The White Sheik
Ivan Cavalli (Leopoldo Trieste) brings his new wife Wanda (Brunella Bovo) to Rome on the least romantic honeymoon in history, a rigid schedule of family meetings and audiences with the Pope. But Wanda, dreaming of the dashing hero of a photo-strip cartoon, drifts off in search of the White Sheik, thus setting off a slapstick comedy worthy of Chaplin. The style and themes which made Federico Fellini world famous are already apparent in this charming comedy (his first solo directorial effort), featuring such long-time collaborators as his wife, actress Giulietta Masina, and composer Nino Rota.
The Criterion Collection’s 2003 DVD edition for Federico Fellini’s The White Sheik presents the film on a dual-layer disc in the aspect ratio of 1.33:1. The standard-definition presentation is sourced from a transfer of a 35mm interpositive. Because of the aspect ratio the film has not been enhanced for widescreen televisions.
I remember not holding out much hope for this one after the interlaced disaster that was Variety Lights, and though what is provided here is an improvement, it’s still a bit of a mess. At the very least the image is progressive so the artifacts that littered Variety Lights aren't here, but it appears very little restoration effort has gone into the presentation: marks, scratches, tram lines, frame jumps, and more mar the image constantly throughout, and it can get very heavy in a handful of sequences. The image is also incredibly soft with very little in the way of detail; everything, even close-ups, looks like a blur. Also not helping is the contrast looks to be boosted, the image delivering heavy looking blacks along with whites that bloom.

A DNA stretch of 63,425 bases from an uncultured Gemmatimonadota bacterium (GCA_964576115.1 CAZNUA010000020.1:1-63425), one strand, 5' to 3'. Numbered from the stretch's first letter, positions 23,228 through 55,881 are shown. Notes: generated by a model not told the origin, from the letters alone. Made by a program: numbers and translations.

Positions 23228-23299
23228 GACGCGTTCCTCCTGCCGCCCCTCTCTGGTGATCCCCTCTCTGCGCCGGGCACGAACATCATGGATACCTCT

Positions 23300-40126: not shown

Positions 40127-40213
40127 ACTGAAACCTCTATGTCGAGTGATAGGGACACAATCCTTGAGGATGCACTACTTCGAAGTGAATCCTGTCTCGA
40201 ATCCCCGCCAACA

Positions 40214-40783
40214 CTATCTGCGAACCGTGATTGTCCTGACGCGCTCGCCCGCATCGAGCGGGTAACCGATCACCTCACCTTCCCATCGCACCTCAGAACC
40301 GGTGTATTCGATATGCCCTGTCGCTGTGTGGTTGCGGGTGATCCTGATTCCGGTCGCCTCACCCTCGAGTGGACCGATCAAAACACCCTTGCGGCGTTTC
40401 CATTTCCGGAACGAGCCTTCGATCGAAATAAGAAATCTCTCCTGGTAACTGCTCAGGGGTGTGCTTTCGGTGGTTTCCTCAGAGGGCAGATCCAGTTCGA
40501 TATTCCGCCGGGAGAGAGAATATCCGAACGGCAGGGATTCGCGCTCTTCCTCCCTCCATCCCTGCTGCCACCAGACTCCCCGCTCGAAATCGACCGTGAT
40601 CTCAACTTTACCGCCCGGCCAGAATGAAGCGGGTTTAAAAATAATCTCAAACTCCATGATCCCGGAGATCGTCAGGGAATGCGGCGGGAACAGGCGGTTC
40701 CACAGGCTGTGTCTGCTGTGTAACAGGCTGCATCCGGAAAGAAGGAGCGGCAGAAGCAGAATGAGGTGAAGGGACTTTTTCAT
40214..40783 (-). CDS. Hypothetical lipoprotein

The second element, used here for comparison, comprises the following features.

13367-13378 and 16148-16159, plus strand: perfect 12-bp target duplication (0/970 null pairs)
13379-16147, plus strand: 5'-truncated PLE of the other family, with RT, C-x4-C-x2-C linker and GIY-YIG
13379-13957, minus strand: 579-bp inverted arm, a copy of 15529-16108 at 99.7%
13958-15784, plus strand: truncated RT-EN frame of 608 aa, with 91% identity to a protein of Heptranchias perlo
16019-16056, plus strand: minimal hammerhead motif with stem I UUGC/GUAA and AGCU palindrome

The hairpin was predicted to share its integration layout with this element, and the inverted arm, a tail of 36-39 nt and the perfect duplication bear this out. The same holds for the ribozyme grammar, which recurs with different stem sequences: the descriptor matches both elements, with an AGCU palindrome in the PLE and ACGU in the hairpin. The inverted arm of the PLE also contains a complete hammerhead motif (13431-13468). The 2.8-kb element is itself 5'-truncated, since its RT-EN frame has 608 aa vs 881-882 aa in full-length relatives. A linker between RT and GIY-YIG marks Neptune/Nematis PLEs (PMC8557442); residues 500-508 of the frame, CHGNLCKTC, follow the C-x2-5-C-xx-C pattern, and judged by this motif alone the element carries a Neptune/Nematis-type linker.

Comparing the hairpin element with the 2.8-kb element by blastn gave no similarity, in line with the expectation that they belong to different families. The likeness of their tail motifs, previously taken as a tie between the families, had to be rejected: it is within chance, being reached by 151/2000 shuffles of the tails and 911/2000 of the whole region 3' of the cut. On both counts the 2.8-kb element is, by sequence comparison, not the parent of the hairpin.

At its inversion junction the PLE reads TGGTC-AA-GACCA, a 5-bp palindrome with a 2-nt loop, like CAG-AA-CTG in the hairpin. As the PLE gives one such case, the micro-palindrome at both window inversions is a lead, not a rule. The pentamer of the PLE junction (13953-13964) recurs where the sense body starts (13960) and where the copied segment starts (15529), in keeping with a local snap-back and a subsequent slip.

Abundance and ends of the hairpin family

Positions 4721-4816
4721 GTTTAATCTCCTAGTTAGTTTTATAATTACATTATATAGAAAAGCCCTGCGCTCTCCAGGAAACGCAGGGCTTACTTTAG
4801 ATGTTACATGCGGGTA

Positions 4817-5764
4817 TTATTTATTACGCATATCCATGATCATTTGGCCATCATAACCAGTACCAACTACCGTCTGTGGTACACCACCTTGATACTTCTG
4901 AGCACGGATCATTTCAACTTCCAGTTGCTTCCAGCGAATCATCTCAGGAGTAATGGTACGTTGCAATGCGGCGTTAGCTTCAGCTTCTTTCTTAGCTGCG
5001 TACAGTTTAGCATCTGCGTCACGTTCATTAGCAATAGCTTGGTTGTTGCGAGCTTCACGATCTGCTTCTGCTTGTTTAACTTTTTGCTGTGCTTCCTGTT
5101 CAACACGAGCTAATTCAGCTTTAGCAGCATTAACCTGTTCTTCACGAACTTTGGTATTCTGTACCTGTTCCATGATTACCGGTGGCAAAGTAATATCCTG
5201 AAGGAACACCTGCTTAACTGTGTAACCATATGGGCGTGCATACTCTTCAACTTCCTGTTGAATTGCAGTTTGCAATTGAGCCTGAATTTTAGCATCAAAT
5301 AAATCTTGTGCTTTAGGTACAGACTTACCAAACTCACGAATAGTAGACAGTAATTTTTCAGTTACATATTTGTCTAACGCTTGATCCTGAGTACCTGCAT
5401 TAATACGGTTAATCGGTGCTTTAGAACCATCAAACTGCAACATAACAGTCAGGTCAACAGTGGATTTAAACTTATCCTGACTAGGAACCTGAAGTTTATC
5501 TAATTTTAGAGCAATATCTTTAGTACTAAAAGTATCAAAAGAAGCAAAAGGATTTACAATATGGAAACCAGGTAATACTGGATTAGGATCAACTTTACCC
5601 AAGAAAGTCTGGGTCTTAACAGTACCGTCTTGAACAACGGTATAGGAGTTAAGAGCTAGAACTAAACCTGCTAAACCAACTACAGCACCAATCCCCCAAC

In the end it can be a very harsh and fuzzy looking image. But it’s at least not a complete digital mess like the presentation for Variety Lights.
The film’s soundtrack, presented in Dolby Digital mono, is also rough. There are scratches and a handful of clicks, but worst of all is just how harsh and edgy this ends up being. Music is incredibly distorted and the track just has a very flat a lifeless sound to it.
Outside of an insert (including a short essay by Jonathan Rosenbaum and excerpt from I, Fellini featuring the director briefly recounting the film and his desire to be a film director after working with Roberto Rossellini), this release only comes with one on-disc feature: the 31-minute Remembrances, featuring interviews with the film’s married couple Leopoldo Trieste and Brunella Bovo, along with Fellini friend Moraldo Rossi. The two actors recount how they first met Fellini (Trieste’s story details are particularly funny) and how the filmmaker would work with his actors. There is also conversation around the film’s story and how it was satirizing popular fiction (referred to as “simple literature” here) and comics of the time. Though a wonderful little reflection it doesn’t make up for the lack of much else.
A middling DVD edition (at best), it delivers a mediocre presentation with little to no restoration work and only one decent supplement. A low-effort release for a film that certainly deserves better.